“She gave birth to her firstborn son. She wrapped him snugly in strips of cloth and laid him in a manger, because there was no lodging available for them.”
They placed him on my chest – a wet, wiggling, precious package.
Hubby and I may have felt that we three were the only ones in the room, but we weren’t.
Not by a long shot.
A midwife was in attendance. A couple of nurses wiped our wee one down and wrapped him up, taking deft measurements with practiced hands. An intern watched the proceedings closely. A doctor presided. The entire hospital would have been at our disposal, had we needed it.
All went according to plan.
Baby had a whole wardrobe, newborn diapers, receiving blankets at the ready. A brand new car seat graced the back seat of our vehicle, awaiting the moment we would be discharged and on our way to begin our new family adventure.
I can’t imagine how frustrated I would have been if things had taken a turn for the smelly.
I mean, how badly would it stink for there to be no clean place to lie down to give birth? No medical team. No pristine, sterile environment with instruments and equipment at the ready. No midwife. No drugs to take the edge off the worst contractions.
Like, how awful if I had given birth in a barn. In a strange community. In the middle of the night. With no help.
If I had been Mary, I’d have had something to say about that.
I’d question the timing. (Did we have to be travelling away from home right at my due date?) I’d question God’s planning abilities. (You couldn’t have arranged to have one hotel room free?) I’d complain about the quarters (this really stinks!) and the company (ditto!) and the general sense of chaos and earthiness of such a lowly birthplace.
But where else could the baby be born who would be called the Lamb of God but in a barn?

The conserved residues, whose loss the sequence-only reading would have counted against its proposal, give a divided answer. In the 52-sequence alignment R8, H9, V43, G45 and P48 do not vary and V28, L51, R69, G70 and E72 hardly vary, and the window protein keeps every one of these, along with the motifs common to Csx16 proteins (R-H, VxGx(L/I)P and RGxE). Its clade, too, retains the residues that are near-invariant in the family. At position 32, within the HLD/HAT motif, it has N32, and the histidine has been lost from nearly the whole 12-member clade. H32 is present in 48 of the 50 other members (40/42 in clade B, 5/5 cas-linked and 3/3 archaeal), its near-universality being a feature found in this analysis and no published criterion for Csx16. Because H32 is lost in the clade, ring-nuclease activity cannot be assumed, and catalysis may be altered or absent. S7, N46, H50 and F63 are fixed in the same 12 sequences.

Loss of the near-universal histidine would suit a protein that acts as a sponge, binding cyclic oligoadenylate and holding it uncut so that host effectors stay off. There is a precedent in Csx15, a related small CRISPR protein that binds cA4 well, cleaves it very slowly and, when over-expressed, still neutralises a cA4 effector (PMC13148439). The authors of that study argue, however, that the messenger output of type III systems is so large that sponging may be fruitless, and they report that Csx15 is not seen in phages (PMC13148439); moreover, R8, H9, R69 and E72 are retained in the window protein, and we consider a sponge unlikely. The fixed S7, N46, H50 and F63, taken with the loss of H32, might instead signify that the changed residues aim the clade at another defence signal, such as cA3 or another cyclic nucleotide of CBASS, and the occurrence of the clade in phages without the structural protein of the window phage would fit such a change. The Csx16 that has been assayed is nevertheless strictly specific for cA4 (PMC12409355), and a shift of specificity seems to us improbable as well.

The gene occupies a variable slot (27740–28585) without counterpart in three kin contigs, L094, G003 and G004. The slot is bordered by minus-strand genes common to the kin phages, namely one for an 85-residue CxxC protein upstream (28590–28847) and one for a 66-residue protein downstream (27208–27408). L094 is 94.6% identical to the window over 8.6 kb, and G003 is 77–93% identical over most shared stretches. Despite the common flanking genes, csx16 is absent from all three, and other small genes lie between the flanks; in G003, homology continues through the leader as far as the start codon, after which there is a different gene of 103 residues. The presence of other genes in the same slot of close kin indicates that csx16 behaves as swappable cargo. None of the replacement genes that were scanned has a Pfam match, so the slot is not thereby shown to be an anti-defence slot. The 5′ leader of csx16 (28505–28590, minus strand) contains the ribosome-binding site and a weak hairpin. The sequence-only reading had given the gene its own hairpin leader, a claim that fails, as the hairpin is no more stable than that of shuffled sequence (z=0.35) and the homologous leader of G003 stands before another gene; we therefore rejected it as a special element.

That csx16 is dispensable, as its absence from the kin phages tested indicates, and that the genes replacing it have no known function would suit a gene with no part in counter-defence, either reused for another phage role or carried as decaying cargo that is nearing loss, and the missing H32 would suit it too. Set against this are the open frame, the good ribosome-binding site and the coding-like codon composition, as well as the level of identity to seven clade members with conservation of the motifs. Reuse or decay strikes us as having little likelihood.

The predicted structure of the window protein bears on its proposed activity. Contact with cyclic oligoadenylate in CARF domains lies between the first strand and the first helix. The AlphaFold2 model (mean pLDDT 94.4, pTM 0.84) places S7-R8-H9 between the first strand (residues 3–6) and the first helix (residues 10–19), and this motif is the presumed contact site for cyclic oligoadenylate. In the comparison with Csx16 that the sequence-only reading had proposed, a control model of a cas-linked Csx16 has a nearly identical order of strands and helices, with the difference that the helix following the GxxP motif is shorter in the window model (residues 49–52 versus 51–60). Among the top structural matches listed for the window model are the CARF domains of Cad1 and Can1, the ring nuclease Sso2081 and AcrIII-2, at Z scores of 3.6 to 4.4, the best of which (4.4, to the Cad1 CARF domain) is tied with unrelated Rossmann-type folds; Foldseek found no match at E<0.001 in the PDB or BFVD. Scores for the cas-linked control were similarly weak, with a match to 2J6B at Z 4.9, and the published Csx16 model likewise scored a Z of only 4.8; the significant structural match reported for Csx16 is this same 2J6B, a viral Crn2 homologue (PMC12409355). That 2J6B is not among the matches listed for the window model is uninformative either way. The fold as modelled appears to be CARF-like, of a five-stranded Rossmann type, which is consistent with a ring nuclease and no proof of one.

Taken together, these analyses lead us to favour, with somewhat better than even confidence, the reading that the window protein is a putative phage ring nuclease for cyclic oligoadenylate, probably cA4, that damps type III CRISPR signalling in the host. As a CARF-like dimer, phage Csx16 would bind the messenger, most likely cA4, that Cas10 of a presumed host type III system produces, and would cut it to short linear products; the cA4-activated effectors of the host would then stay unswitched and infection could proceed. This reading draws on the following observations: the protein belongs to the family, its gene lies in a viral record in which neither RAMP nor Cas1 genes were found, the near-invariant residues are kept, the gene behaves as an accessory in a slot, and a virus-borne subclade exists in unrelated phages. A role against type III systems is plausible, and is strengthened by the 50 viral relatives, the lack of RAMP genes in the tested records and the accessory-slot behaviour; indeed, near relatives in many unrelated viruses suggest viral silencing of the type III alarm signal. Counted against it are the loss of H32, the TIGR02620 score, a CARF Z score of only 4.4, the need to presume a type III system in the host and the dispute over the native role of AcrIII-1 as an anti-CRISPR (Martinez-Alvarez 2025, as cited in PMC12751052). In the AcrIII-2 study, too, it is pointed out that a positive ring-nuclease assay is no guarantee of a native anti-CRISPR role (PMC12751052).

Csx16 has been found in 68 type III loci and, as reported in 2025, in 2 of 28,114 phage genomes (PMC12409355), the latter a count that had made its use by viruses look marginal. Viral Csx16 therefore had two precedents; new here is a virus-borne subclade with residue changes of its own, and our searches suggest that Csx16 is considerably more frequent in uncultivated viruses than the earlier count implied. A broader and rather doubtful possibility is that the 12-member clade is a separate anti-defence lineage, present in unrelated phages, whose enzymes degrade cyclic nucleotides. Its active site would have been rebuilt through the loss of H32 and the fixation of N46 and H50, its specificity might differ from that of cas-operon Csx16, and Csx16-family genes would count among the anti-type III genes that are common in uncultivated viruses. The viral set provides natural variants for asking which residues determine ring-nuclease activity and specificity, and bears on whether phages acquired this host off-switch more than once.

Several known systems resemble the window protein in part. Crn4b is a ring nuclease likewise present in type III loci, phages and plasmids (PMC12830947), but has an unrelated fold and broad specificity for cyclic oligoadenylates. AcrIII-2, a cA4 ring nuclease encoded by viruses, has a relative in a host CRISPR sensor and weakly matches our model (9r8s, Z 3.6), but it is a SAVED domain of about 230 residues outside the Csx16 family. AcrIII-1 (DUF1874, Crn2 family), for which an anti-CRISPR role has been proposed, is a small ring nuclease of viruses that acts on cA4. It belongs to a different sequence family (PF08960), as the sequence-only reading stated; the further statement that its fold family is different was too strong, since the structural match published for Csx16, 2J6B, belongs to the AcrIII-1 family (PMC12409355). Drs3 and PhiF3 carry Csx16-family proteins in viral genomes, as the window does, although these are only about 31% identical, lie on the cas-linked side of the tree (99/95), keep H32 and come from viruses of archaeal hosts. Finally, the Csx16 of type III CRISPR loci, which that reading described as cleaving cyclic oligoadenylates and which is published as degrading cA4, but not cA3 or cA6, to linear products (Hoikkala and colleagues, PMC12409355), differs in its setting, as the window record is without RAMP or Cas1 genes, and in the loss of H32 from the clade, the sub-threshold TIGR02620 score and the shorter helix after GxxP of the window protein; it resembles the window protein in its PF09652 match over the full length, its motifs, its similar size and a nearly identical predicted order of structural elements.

Don’t miss it.
We’ve seen the nativity scene so many times, we miss the shock value. We miss the strangeness, the completely audacious unexpectedness of so odd a detail in the story.
We miss the beautiful symbolism of the perfect match between the manger and the fact that a feeding trough would hold the Good Shepherd.
Is there something that stinks in your life right now?
I bet there is.
I bet you’ve questioned what God could possibly be doing in the middle of that mess.
I want to remind your heart today that God can and will use odd, unusual, and downright stinky circumstances to get His point across and to underline the Truth that He loves and cares for you, that He is working things out for your good, and that He always, always has a reason for the things He allows that simply don’t seem to make sense to us at the time.
The Bible doesn’t tell us whether Mary questioned her strange circumstances or the way her baby was born. I’m sure her expectations were a far cry from her reality.
Yet God has used her story to revolutionize the world.
And He can do the same with yours.
Trust God with the details of your life when they don’t make sense with me?
Father, if we had planned the occasion of Your Son’s birth, we would have done it so differently! Yet the way You planned it holds so much richness and symbolism and there is so much in it to unpack, we could spend a lifetime studying and pondering and never see it all. Thank You that You brought such hope and joy out of such odd and ‘smelly’ circumstances! Amen.